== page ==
Scotland´s digital media and creative industries cluster initiative, the consumer electron-
ics CI in Catalonia, Spain; the automotive components CI in Styria, Austria, and the
textile cluster CI (CITER) in Emilia-Romagna, Italy. All cases exhibit a high degree of
success, but each case describes a very different story.
Scotlands digital media and creative industries CI,
the U.K.
Material for this case report was supplied by Mike Tibbetts.
The general business environment
Scotlands economic history is rooted in traditional industries. In the west of Scotland
and in Glasgow, importing and processing tobacco gave way to heavy engineering and
the manufacturing of ships and rail locomotives. Clydebuilt became a global brand
for Scottish manufacturing. In the East and in the capital, Edinburgh, printing and
ship-broking led to financial services and banking. Further north, Aberdeen progressed
from fishing and whaling into oil with the opening up of North Sea fields. Dundee
was always famous for Jam, Jute (for linoleum floor coverings) and Journalism.
To a large extent, the Scots popular image of their economy has been, until very
recently, conditioned by this traditional background. A real job is one in which some-
thing is manufactured. A real business produces useful physical products. The pow-
erful engines of the national economy are large companies and corporations with large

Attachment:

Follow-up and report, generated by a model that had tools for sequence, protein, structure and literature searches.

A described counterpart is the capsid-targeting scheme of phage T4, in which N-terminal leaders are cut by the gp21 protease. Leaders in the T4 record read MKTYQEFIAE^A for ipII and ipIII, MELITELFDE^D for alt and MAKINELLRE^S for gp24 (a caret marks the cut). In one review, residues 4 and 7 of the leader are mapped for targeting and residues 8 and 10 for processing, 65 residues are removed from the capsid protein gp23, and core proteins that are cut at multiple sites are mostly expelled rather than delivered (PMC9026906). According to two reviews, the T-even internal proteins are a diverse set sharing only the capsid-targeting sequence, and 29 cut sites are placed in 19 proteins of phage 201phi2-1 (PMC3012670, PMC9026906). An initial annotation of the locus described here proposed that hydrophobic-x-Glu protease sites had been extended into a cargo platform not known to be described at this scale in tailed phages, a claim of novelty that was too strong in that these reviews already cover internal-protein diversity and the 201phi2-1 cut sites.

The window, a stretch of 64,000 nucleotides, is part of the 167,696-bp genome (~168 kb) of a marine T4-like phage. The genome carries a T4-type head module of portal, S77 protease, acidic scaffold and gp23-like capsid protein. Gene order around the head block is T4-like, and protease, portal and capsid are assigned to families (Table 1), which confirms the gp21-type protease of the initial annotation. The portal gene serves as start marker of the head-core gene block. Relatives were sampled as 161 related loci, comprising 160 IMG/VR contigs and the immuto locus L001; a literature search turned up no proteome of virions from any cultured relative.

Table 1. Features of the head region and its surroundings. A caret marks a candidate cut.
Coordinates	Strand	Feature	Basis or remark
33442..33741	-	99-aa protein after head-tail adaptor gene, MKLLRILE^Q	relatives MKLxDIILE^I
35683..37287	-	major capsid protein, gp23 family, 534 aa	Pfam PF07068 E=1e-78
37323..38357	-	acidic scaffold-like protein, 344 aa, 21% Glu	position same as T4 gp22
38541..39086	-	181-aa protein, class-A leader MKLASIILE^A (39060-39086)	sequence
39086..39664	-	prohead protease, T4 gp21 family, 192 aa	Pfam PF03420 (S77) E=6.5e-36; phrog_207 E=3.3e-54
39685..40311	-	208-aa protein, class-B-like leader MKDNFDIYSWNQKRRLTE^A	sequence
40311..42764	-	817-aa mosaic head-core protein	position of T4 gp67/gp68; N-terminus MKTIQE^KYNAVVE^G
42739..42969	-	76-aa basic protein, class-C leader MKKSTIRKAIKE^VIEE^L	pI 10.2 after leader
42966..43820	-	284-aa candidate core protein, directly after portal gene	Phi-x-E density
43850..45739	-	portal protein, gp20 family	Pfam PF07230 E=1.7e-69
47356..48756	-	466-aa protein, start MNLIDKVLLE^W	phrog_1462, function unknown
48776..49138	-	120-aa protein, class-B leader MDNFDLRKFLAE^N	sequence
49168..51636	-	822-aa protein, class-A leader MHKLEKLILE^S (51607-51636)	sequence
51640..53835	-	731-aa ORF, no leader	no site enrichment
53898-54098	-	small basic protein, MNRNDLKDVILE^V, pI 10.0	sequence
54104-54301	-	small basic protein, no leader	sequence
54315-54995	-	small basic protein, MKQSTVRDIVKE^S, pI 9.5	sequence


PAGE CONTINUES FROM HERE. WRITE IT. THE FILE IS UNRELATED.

Chapter 6
Cluster initiative cases
Figure 65
Location of the 24 cases studied
Cases presented in Chapter 6 are
marked with dark circles
60 The Cluster Initiative Greenbook
workforces and long-term stability. The ideal path for a young person was to learn a
recognisable trade or skill and get a good job for life applying this trade or skill in a
substantial industrial context. Whilst the late 20th century shift towards service-oriented
businesses and smaller-sized enterprises applied just as much in Scotland as anywhere
else, the popular psyche remained wedded to the old industrial models. Alongside this
rather old-fashioned industrial paradigm, Scotland has always maintained a very high
respect for education, innovation, cultural life and the spirit of enterprise. Although
belonging to the United Kingdom, Scotland has maintained a separate and significantly
different educational system with its own accreditation agencies and distinct qualifica-
tions. Scotland is very appreciative of its indigenous universities and there is a strong
preference among Scottish students to attend local universities and colleges. All levels
of society are proud of Scotlands literary traditions (e.g., the ubiquity of Burns Sup-
pers) and cultural forms of expression, such as theatre and music, are popularly
valued. The main cities museums and art galleries are frequent venues for family out-
ings, which leads to continuing public investment in such amenities, from the establish-
ment of the Burrell Collection in Glasgow in the 1970s to the more recent opening
of the Glasgow Science Centre as a public showcase for Scottish technological inno-